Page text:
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Ankylosaurian from Australia & Tarbosaurus/Tyrannosaurus



Ralph Molnar asked me to post the following new discovery on the dinonet:

'An
articulated, but incomplete ankylosaur skeleton was obtained from the
Albian Toolebuc Fm., northcentral Queensland, by the Queensland Museum.
It was originally collected by a local woman in 1992 & donated to the
Museum in September. It includes the shoulder girdle, rib cage, pelvis &
proximal tail, & at least one forelimb. Other limb material may be
present. The specimen is exposed from the ventral side, with the dorsum
still enclosed in rock. Its relationship to the much more complete
ankylosaur skeleton collected in 1990 (Minmi sp. nov.) is uncertain, as
that skeleton is exposed from the dorsal side, and the belly is still
under preparation.'

Also, Dr. Molnar has some data pertinent to the recent discussion on the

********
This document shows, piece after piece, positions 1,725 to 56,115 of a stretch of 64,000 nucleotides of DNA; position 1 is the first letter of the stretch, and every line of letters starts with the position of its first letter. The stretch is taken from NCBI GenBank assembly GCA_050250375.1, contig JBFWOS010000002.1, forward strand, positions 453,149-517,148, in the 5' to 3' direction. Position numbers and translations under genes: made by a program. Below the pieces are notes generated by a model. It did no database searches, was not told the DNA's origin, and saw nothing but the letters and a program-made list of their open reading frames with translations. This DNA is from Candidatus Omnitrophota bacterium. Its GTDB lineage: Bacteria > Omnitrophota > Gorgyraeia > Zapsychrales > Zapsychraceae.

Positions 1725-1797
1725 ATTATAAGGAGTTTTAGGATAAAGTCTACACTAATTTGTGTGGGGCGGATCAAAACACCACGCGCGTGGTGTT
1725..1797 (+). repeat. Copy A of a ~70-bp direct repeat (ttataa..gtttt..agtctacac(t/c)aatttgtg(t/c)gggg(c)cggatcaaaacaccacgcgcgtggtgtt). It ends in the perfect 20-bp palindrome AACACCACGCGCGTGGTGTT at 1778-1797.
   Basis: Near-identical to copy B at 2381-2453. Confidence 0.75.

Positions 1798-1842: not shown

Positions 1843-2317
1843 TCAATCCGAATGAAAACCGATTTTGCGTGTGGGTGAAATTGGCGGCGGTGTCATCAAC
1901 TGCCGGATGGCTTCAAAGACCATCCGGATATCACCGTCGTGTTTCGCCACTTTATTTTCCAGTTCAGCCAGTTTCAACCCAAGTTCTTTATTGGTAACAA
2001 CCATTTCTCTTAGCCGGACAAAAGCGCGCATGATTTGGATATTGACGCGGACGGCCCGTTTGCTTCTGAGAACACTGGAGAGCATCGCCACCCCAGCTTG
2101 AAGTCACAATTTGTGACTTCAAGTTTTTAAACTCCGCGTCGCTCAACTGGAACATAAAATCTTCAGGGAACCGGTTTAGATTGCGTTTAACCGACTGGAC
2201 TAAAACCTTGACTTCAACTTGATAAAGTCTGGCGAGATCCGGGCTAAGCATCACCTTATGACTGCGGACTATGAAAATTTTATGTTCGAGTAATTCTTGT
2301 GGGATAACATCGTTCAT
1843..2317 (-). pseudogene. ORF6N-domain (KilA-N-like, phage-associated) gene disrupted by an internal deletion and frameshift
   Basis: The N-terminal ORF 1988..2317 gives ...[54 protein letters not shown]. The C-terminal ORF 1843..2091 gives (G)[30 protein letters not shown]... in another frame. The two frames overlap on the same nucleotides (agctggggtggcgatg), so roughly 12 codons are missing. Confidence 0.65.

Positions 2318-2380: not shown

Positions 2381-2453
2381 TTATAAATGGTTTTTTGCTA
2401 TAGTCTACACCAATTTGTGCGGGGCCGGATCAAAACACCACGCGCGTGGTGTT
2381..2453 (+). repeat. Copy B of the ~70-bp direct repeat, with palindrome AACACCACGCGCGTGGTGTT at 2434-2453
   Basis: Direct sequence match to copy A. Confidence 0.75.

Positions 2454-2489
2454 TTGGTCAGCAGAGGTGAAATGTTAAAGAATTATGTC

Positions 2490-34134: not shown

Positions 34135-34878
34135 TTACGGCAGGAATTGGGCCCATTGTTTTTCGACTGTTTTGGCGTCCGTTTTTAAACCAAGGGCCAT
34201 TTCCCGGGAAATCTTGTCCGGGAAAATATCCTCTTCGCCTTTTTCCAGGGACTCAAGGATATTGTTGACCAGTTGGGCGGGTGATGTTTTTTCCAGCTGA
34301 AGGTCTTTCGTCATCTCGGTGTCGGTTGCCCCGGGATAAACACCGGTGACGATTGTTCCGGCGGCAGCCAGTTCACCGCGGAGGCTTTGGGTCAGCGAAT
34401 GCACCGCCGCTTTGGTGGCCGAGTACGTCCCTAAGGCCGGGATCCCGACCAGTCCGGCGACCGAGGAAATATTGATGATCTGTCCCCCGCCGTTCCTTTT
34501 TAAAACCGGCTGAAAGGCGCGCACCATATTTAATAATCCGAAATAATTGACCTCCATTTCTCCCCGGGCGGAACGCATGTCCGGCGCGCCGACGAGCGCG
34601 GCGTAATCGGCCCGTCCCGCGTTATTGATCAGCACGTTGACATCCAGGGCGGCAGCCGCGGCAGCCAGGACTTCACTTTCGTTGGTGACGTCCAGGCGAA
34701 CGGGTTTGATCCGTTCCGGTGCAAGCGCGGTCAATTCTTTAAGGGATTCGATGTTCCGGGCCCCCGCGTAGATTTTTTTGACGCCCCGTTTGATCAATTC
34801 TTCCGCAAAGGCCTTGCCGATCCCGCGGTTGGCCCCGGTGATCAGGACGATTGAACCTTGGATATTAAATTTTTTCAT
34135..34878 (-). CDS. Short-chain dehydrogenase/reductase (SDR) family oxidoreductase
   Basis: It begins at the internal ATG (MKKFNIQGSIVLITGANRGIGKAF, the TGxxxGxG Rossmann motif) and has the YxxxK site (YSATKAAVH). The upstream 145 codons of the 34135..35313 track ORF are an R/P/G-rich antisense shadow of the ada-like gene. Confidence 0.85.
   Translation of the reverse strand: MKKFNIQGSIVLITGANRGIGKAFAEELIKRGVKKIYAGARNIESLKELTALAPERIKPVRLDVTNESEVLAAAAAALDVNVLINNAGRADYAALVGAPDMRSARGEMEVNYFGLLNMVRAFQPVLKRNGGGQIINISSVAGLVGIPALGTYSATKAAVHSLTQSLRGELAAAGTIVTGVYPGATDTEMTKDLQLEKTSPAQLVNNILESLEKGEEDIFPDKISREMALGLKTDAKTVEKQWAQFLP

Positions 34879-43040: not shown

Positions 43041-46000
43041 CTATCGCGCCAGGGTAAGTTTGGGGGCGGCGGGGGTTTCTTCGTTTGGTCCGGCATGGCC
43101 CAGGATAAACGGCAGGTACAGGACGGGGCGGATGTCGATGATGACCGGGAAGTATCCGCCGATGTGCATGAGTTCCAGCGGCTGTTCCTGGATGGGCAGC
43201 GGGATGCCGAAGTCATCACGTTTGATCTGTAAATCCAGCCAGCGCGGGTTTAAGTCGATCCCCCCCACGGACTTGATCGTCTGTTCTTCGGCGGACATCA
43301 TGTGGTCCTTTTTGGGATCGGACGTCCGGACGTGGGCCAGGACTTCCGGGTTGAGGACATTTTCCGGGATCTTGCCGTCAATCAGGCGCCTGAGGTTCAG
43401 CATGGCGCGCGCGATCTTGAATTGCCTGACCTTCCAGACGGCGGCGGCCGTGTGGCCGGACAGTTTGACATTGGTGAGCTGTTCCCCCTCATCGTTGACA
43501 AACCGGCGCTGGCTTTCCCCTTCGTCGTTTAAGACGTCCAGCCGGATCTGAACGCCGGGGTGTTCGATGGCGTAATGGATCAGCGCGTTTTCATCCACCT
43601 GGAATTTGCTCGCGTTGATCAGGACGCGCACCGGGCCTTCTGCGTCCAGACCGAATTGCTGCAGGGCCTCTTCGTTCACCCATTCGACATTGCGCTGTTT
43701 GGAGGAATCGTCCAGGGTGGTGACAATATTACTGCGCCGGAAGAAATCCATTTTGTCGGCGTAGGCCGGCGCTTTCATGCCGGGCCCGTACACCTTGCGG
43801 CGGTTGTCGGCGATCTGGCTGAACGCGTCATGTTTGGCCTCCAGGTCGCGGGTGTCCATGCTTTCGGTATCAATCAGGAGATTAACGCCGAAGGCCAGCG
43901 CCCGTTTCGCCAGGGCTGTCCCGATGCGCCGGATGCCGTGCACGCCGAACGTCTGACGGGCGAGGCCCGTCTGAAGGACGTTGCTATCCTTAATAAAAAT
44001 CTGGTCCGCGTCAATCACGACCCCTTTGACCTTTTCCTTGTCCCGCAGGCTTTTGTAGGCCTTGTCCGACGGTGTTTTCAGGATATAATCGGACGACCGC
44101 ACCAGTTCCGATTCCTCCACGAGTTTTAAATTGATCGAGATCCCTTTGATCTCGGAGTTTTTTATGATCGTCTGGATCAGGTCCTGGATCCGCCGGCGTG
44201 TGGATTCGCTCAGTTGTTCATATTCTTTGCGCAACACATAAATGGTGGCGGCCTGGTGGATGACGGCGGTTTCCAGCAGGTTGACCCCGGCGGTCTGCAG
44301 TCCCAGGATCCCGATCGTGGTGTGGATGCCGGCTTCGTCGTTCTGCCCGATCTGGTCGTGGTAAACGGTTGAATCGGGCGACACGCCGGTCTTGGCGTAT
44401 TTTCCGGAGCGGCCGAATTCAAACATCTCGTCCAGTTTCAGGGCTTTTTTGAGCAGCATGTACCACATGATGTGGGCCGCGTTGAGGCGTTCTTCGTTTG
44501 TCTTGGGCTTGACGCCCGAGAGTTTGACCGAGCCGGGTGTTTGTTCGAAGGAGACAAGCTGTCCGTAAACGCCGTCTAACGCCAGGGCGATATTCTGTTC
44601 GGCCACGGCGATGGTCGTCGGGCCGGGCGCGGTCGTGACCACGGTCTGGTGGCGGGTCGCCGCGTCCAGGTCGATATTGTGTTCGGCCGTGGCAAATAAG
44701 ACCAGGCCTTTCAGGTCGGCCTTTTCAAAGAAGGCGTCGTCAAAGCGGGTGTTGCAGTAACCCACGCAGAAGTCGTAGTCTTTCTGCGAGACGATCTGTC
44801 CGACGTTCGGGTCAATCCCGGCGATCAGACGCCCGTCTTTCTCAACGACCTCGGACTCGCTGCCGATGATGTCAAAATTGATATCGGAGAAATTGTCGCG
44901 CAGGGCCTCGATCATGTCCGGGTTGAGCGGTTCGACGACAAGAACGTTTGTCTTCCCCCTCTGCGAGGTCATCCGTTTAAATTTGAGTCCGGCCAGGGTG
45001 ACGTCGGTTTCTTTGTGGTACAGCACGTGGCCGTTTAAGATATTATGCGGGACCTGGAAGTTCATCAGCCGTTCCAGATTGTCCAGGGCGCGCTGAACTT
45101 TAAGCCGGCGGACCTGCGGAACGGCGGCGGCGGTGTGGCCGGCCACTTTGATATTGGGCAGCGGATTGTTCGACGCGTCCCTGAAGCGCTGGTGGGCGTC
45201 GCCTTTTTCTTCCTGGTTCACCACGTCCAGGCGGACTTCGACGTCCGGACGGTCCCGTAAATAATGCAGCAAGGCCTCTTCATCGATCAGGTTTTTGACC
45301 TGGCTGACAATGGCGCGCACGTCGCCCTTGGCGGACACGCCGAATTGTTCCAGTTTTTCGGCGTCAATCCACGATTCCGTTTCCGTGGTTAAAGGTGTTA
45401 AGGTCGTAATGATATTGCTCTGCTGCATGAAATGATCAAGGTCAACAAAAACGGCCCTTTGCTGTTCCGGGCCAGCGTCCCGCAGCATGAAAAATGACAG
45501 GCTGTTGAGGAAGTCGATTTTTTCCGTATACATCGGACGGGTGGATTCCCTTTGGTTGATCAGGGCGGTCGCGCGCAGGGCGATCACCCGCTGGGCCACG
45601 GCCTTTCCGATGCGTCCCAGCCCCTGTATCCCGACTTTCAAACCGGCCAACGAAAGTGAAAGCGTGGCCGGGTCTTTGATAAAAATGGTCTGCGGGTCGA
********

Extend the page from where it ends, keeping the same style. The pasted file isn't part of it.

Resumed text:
Tyrannosauridae.  From his observations of the type material of
Tyrannosaurus bataar Maleev 1955a and Tarbosaurus efremovi Maleev 1955b,
Molnar has concluded that these are two distinct species.  Thus,
Tyrannosaurus is present in Asia, but Tarbosaurus is (probably) a second
genus.  This leads to the interesting situation where two giant
tyrannosaurids are present in the same place at the same time (although
this occurred, at a smaller(?!?) scale with Gorgosaurus and Daspletosaurus
in the late Campanian of western North America).

George Olshevsky will have two-part article on the Tyrannosauridae in the
next two issues of the Japanese dinosaur magazine, Kyoryugaku Saizensen
(literally "Frontiers/Battleline/Frontline of Dinosaur Science", but
labeled in English "Dino Frontline").  In these articles he will propose
new generic names for Tyrannosaurus bataar, Albertosaurus? megagracilis,
and the "Jordan theropod" (Aublysodon mirandus of most authors, Aublysodon
molnari of Paul).  Given that Molnar (the world expert on tyrannosaurid
skulls) considers bataar to be Tyrannosaurus, I'd be cautious about a new
generic name for that species.  The others, however, might very well stand,
as long as they are proposed later in a refereed techincal journal.

                                
Thomas R. Holtz, Jr.                                   
tholtz@geochange.er.usgs.gov
Vertebrate Paleontologist in Exile                  Phone:      703-648-5280
U.S. Geological Survey                                FAX:      703-648-5420
Branch of Paleontology & Stratigraphy
MS 970 National Center
Reston, VA  22092
U.S.A.